The tackiness ( English tack ) referred to in the rheology of the ink the inner train ( cohesion ), opposes an ink layer with which their cleavage. The tack is the second essential rheological variable of a printing ink for printing processes , just after the viscosity and before the elasticity . In contrast to stickiness , in which the wetting of the interface layer ( adhesion ) is also considered, tack is only an internal property of the printing ink itself and is therefore independent of the surface on which the ink is applied.
Knowledge of the speed of a printing ink is necessary in order to be able to predict its behavior in the printing press.
Disadvantages of high speed
Since the rollers have to apply more force in order to split the ink film at high speeds, more energy is converted into heat. A high speed therefore leads to greater heating in the inking unit . The higher force required when splitting the ink layer also leads to stronger plucking forces that are exerted on the printing material . The tendency for fibers or other particles to be torn out of the printing material increases accordingly.
Disadvantages of poor speed
The ink does not split as well through the inking unit. In this context, good cleavage means separation into layers of equal thickness. With the same setting, less ink is transported in the factory with less speed. The poorer splitting also leads to less ink transfer from the rubber blanket to the printing material and is therefore less color-intensive on the latter. The formation of the emulsion with the water is less favorable. Overall, the printed image looks sharper with a swift color. “The quicker the color, the more pointed the dot prints.” For a stable, high-quality printing process, the quickest possible color is advantageous.
In order to prevent a color from splitting the previously applied one, an exact gradation of the speed of the individual colors according to their sequence must be observed in offset printing without water . The color in the first work must therefore always have the highest speed, in the next work the next one, etc. In conventional offset printing machines, color sets with identical speed can be used. The "wet-on-wet" compression results in a sudden increase in tack when the transition from emulsified to pure color. This jump ensures good ink acceptance. Water with its low internal cohesion forms separation points in the emulsion for splitting the color.
In physical terms , the tack refers to a force per area and is therefore measured exactly like a pressure in the SI unit Pascal or Newton per square meter. Since the physically precise measured value is difficult to determine and is not necessary in practical printing applications, methods have been established that have been specially optimized for the needs of the printing industry and that indicate the speed in manufacturer- dependent scales .
In 1959, Amsterdam-based Rudolph Meijer's Drukinktfabriek NV developed the Tack-O-Scope to determine the speed in a practical and process-oriented manner . A certain amount of the paint is distributed on three superimposed rollers. The axis of the top roller is connected to force transducers. Due to the resistance when the paint layer splits, the roller is pulled along by the roller below in its running direction. The force measured is converted by the measuring device into a manufacturer-dependent scale and is also dependent on process variables such as the layer thickness, the temperature and the speed of rotation. For example, the Inko-Tackomat from the company Prüfbau can indicate the speed both in 0-42 Inko and in 0-700 Tacko . In accordance with the two established methods, the Tack-O-Scope is also referred to as the inkometer .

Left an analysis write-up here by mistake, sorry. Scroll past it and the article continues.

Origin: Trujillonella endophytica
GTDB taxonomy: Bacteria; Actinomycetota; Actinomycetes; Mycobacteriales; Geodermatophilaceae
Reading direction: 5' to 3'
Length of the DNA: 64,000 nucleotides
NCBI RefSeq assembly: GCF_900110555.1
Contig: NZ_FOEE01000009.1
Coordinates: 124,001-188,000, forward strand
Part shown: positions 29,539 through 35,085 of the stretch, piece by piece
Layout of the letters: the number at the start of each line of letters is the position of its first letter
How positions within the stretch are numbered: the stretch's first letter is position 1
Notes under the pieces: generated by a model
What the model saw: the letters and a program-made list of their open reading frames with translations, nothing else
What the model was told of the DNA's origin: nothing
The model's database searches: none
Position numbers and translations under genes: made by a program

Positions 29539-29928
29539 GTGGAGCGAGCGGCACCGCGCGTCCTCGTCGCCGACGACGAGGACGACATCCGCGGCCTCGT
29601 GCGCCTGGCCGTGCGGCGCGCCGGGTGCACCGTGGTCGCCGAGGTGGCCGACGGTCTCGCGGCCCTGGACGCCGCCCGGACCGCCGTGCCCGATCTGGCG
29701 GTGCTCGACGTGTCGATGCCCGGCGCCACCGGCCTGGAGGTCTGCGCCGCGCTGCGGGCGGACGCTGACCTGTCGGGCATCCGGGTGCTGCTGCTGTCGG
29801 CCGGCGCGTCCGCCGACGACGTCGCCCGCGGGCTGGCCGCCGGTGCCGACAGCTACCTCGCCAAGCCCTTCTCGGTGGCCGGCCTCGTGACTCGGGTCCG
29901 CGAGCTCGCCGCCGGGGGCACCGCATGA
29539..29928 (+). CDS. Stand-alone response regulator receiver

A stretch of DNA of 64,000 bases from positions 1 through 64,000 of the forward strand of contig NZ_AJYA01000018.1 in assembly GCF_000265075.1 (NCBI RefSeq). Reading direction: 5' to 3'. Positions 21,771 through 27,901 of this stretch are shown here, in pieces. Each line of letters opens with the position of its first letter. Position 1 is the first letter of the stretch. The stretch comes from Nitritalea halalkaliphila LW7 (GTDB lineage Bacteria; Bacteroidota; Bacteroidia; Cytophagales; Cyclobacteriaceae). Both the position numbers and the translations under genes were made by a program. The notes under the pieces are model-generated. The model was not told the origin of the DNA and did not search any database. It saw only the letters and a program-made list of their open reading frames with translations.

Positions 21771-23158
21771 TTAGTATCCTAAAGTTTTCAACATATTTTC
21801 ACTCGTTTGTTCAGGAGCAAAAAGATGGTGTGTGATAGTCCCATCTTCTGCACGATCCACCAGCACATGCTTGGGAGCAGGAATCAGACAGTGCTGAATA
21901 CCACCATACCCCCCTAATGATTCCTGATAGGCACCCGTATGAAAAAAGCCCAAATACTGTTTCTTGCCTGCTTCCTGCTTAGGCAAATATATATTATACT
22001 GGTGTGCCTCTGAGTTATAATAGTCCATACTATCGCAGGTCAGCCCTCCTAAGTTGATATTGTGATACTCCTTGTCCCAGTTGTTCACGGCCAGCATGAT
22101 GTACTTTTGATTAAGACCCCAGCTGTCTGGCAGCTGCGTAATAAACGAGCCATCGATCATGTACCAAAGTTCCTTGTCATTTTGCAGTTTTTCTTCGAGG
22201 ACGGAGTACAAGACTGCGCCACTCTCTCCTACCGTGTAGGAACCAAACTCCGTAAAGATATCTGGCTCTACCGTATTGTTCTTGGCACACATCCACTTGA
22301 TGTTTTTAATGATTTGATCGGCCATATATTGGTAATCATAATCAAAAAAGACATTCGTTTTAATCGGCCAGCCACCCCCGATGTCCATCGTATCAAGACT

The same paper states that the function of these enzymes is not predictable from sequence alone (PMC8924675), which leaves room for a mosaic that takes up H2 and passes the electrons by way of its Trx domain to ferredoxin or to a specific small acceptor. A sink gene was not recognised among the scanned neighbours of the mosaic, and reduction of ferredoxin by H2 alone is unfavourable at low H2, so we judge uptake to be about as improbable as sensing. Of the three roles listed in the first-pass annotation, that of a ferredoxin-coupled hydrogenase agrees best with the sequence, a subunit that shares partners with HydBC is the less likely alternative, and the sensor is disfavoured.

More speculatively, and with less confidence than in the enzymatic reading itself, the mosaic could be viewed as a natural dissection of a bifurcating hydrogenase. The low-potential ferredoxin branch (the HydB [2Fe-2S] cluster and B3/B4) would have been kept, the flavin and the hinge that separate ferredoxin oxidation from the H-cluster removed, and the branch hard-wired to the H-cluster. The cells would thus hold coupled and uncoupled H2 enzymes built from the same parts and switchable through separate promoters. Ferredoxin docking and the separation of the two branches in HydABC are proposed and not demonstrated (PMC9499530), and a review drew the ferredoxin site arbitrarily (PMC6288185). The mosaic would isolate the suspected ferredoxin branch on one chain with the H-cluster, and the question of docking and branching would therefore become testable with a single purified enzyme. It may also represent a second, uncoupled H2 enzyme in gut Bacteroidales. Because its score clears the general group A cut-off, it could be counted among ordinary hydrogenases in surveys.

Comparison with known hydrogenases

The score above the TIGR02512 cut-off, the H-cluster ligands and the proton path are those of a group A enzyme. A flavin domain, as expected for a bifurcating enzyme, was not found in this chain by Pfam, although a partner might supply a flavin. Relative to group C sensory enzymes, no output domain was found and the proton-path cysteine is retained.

A quick color is colloquially referred to as "long" because it forms long threads during the splitting process. Accordingly, colors with little speed are also referred to as “short” or “buttery”. This relationship is used in the “ finger test” as a simple test for speed. A color sample is pulled apart between two fingers and it is observed when the thread that is forming breaks. A long thread is a sign of good speed. When you squeeze and pull the color several times, a quicker color also creates a louder smacking sound.
Cause and attitude
The tack of a paint is essentially determined by the binder . In contrast to viscosity, which can be viewed as internal friction, the speed is given by the cohesion of the molecules. With suitable binders, these two rheological parameters can be adjusted almost independently of one another. Since the molecular cohesion depends on the size (long chain) of the molecules and polar proportions, binders made from short, non-polar molecules result in only poor tack. For example, if long-chain alkyd resins are used, the color will be quicker.
As Zügigkeitsreduzierer printing products are referred to with which the tack of an ink can be reduced without affecting the oxidative drying unfavorable.
- Dr. Bernd Th. Grande: Rheology for Printing Inks (PDF; 997 kB) Retrieved on September 22, 2012.
- Tack-O-Scope is a registered trademark see trademarken.com ( Memento from February 5, 2013 in the web archive archive.today ).
- Prüfbau Inko-Tackomat Series 200 T and Series 200T / 800 . Archived from the original on February 12, 2013. Retrieved on December 28, 2012.
- Supplement KBA Report 35 2009 - Glossary of printing inks - Effects, applications, interactions, test methods, standards - a collection of terms for offset printing companies (PDF; 1.9 MB) Accessed on December 28, 2012.
- PrintWiki: Tack . Retrieved December 28, 2012.